“Both Matthew and Luke make allusions to the fact that Israel is in a kind of spiritual exile, groaning and waiting for the Messiah to come and redeem them. Of course, He does come. But the ‘salvation’ He brings is not a nationalistic deliverance from Roman domination but a spiritual redemption from sin. It was not brought about by victory in the military and political realm but by a Suffering Servant who gave His life as a ransom for many.”

The canticle continues:
2. O come, O come, thou Lord of might who to Thy tribes on Sinai’s height,
In ancient times didst give the law in cloud, and majesty, and awe.

An illustration from a Bible card depicting the giving of The Ten Commandments on Mount Sinai, published by the Providence Lithograph Company.
Exodus 24:15–18 imparts the story of the giving of The Ten Commandments, saying, “When Moses went up on the mountain, the cloud covered it, and the glory of the LORD settled on Mount Sinai … To the Israelites the glory of the LORD looked like a consuming fire on top of the mountain.”

Pastor Muntsinger explained the import of this imagery. “Height and proximity to Heaven is the symbolism behind the mountain,” he said. “You had to ascend to the Almighty. He is above us, and requires us to go to Him and meet Him on His level. The cloud and smoke were necessary to veil the people from God. His holiness – like a consuming fire – would have otherwise destroyed the people.”

“‘I will cause all My goodness to pass in front of you, and I will proclaim My name, the LORD, in your presence. I will have mercy on whom I will have mercy, and I will have compassion on whom I will have compassion. But,’ He said, ‘you cannot see My face, for no one may see Me and live.’” (Exodus 33:19–20.)

So, just as the Tower of Babel was a presumptuous and mocking attempt by humans to reach God, Mount Sinai was a holy and humble attempt by God to stoop down and reach out to humanity.

Our Judaic-influenced carol continues with these words in the third stanza:
3. O come, Thou Rod of Jesse, free Thine own from Satan’s tyranny,
From depths of Hell Thy people save, and give them victory o’er the grave.

The oppression of Satan and the looming fear of death and Hell were tangible threats during the Dark Ages. Waves of the bubonic plague (which reached pandemic levels in 541–542 AD), leprosy, and an assortment of other pestilences filled people with terror. Like the Israelites of old who waged war against pagan nations, many of which upheld barbaric rituals such as child sacrifice, the early Christians must have felt some kind of demonic aggression was behind those deadly plagues and bouts of violence that claimed their children’s lives.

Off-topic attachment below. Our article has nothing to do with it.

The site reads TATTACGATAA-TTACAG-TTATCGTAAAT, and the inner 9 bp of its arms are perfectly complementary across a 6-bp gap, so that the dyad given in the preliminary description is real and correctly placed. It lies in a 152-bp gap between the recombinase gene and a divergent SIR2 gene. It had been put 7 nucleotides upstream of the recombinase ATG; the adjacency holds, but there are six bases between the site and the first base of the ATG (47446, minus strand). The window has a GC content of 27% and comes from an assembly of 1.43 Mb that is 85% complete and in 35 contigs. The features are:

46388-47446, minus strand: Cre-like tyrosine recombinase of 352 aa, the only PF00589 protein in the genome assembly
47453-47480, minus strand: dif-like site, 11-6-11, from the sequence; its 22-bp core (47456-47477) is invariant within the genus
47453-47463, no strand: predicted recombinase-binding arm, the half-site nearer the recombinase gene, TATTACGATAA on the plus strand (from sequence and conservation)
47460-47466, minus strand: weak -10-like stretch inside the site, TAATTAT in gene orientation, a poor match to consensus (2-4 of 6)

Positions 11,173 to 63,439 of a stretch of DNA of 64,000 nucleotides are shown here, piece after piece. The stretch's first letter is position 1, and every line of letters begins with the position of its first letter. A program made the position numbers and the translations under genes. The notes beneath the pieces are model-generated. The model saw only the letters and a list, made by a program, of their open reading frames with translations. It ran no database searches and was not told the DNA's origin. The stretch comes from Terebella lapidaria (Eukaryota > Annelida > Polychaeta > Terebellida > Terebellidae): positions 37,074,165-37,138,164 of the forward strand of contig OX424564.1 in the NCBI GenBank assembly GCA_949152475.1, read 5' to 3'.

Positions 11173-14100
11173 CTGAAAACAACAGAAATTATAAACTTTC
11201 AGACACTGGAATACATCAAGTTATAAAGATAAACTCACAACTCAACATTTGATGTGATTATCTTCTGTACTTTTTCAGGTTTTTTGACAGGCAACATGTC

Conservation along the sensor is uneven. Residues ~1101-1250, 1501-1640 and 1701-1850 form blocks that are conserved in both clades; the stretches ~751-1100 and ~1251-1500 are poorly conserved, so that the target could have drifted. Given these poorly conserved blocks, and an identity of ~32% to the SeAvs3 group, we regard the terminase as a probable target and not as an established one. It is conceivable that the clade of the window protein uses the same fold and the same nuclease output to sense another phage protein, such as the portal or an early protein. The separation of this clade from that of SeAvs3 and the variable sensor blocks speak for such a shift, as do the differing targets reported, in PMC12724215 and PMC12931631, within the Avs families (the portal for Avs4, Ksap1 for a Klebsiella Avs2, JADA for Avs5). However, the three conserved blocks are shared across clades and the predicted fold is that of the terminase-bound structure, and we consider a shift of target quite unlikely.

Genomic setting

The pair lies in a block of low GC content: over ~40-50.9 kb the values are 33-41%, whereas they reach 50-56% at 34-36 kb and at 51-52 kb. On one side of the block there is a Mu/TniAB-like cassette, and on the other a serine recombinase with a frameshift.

“Christianity,” said Rabbi Siegel, “has always laid claim to the Hebrew Bible as an account of their pre-Jesus history. In accordance with the Hebrew Bible and the ancient Jewish tradition, a Messianic era is referred to as a time when all peoples will come together in peace. The Messiah (unnamed in the Hebrew Bible) is to come from the seed of King David. Hence the numerous references to David in this song.”

When asked about the unusual and rather mysterious-sounding terms employed in these lyrics, such as “Thou Rod of Jesse,” Dr. Irons explained that “Jesse’s Rod” is an allusion to one of Jesus’ Messianic titles. “He is called ‘a shoot from the stump of Jesse’ (Isaiah 11:1), ‘a righteous Branch’ (Jeremiah 23:5, 33:15), or ‘the Branch’ (Zechariah 3:8, 6:12). The royal line of kings that came from Jesse was cut down when the last king of Judah was taken into exile and became a stump. But Jesus is the shoot that is coming out of the seemingly dead stump, thus reviving and fulfilling the Davidic royal line. The actual phrase in the current lyric derives from the King James Bible (Isaiah 11:1), which reads, ‘And there shall come forth a rod out of the stem of Jesse, and a Branch shall grow out of his roots.’”